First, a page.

A Learning Framework For Photography – By Dan K
After a long hiatus, Dan K is back with another one of his brilliant and informative articles. In this one Dan helps us to put together a system of learning for your photography. Something I think I myself often overlook. Read on.


I have watched my own photography improve over the years. Looking back, I have taken many wrong turns, gotten stuck in a rut or two and wasted much time and money in the haphazard way in which I have developed. The objective of this essay is to help beginner and intermediate photographers to climb the learning curve faster and more efficiently than I have done.

The Wrong Way

When my son started drawing, people dismissed his work as unintelligible scribbles. They missed the point that each was a piece of live performance art going on inside his head. As he explained it, each line traced the path of a protagonist in his journey across the galaxy, encountering aliens and black holes. He could tell and retell the same story time and time again, complete with sound effects.
Next he learned the basic method of making a recognizable image and combined them into little one page graphic novels and now he’s working on telling the story in the viewer’s head using only one picture. He can’t reproduce true to life imagery like his elder sister can, but his pictures are enthralling. It is the difference between an artist and an illustrator, or a photographic artist and a skilled camera technician.

If only I had started out making art and worked on improving my execution, a lot less of my early photographic efforts wouldn’t be well executed but meaningless tat.

Source: 4CHAN /p/

I think we have all seen and laughed at the “Stages of a Photographer” learning curve and cringed in recognition at stages we have gone through. As a typical Generation-X kid, I played with my parents cameras, and then learned photography at school in our art department, where I learned how to use a Nikon FM and process the film into black and white prints in the darkroom. The main focus was on the basic process as opposed to the art. I was just told to “express myself”, or whatever that was supposed to mean.
Topics like the history of the photographic medium, artistic appreciation and the execution of genres was supposed to be taught at college and I subsequently missed out on all of that as I was diverted towards more career path that would pay the bills. It wasn’t until I had my own children that I reached a point in life where I could find the time to take photography seriously as a hobby. This coincided with the tumultuous stage of the digital revolution when digital cameras came to dominance and film gear was sold off cheaply. I became a serious gear-head, but was saved by my love of classic film cameras maturing into love of the images they produced. It was this that motivated me to take the art more seriously and improve my photography.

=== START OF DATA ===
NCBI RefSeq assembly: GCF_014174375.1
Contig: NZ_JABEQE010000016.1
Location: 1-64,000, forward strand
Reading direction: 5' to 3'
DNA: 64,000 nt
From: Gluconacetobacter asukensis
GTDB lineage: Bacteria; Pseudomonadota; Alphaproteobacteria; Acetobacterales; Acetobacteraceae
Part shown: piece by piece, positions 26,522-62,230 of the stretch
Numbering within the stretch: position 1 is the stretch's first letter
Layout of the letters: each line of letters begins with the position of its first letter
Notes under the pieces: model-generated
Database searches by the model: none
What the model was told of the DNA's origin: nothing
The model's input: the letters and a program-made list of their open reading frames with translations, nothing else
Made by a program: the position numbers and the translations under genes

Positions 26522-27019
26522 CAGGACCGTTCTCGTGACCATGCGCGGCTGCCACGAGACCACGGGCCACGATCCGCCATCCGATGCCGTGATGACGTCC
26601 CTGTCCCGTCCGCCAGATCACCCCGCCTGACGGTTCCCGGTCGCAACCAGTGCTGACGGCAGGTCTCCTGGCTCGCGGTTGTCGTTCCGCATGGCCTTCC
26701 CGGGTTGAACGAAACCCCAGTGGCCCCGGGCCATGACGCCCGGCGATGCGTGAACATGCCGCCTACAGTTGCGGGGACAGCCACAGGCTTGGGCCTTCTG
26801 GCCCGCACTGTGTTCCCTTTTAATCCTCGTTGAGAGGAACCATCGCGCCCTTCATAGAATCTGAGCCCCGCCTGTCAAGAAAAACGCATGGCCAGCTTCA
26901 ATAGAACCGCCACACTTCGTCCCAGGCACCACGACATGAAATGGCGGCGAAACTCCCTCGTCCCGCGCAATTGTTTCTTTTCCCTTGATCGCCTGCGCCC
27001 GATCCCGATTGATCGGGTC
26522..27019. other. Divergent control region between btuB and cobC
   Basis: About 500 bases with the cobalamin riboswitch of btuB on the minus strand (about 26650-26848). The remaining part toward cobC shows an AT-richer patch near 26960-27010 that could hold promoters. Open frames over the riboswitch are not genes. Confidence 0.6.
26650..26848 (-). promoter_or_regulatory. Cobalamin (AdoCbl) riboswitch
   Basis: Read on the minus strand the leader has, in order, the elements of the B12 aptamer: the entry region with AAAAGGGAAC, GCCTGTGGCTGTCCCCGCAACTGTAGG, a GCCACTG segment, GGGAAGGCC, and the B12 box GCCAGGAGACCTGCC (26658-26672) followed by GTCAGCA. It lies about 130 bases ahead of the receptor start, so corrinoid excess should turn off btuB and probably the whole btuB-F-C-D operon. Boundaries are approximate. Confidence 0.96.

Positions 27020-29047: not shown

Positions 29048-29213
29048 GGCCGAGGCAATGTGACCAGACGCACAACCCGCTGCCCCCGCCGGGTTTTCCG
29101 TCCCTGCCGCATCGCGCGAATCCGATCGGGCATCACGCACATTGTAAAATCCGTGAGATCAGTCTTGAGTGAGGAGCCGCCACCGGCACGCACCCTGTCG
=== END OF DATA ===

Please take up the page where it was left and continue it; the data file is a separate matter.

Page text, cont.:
Almost all art involves the combination of artistic development and technical proficiency. Indeed the gear and need for technical skill drew me into photography. One of the greatest truisms is to abandon all “automatic modes” and shoot in full manual mode, with manual control over aperture, shutter speed, and focus.
For me, I had no choice, because I was using a meterless 1950’s film rangefinder that I had been gifted as a birthday present. I found it hard to work quick enough to capture the moment and hard to get usable results even from static subjects. I found the whole experience off-putting. The use of film meant I lacked instant feedback and had a hard time learning from my mistakes. The low point was trying to use expensive and tricky to expose slide film. It took me a year just to get back to the level of proficiency that I once had in my school days. In the end, I had to take a step back and buy a automatic film compact camera before making forward progress. I took back control of aperture then shutter speed and focus. Only then was I able to work up to composition, presentation and message.

In short, I had it all arse-backwards for most of my life.

An Alternative Approach

I have set out below a series of steps to bring a beginner through to advanced photographic artist. If, like me, you’ve built skills but find something lacking, go back and revisit anything you haven’t done properly, even if it means locking your Leica in a dry box and going back to step one. You can always skip the bits you’ve got figured out as you work down the list.

Step 1: Get An Eye For Photography

By embracing modern automation and technology we can start with the art and then learn the process.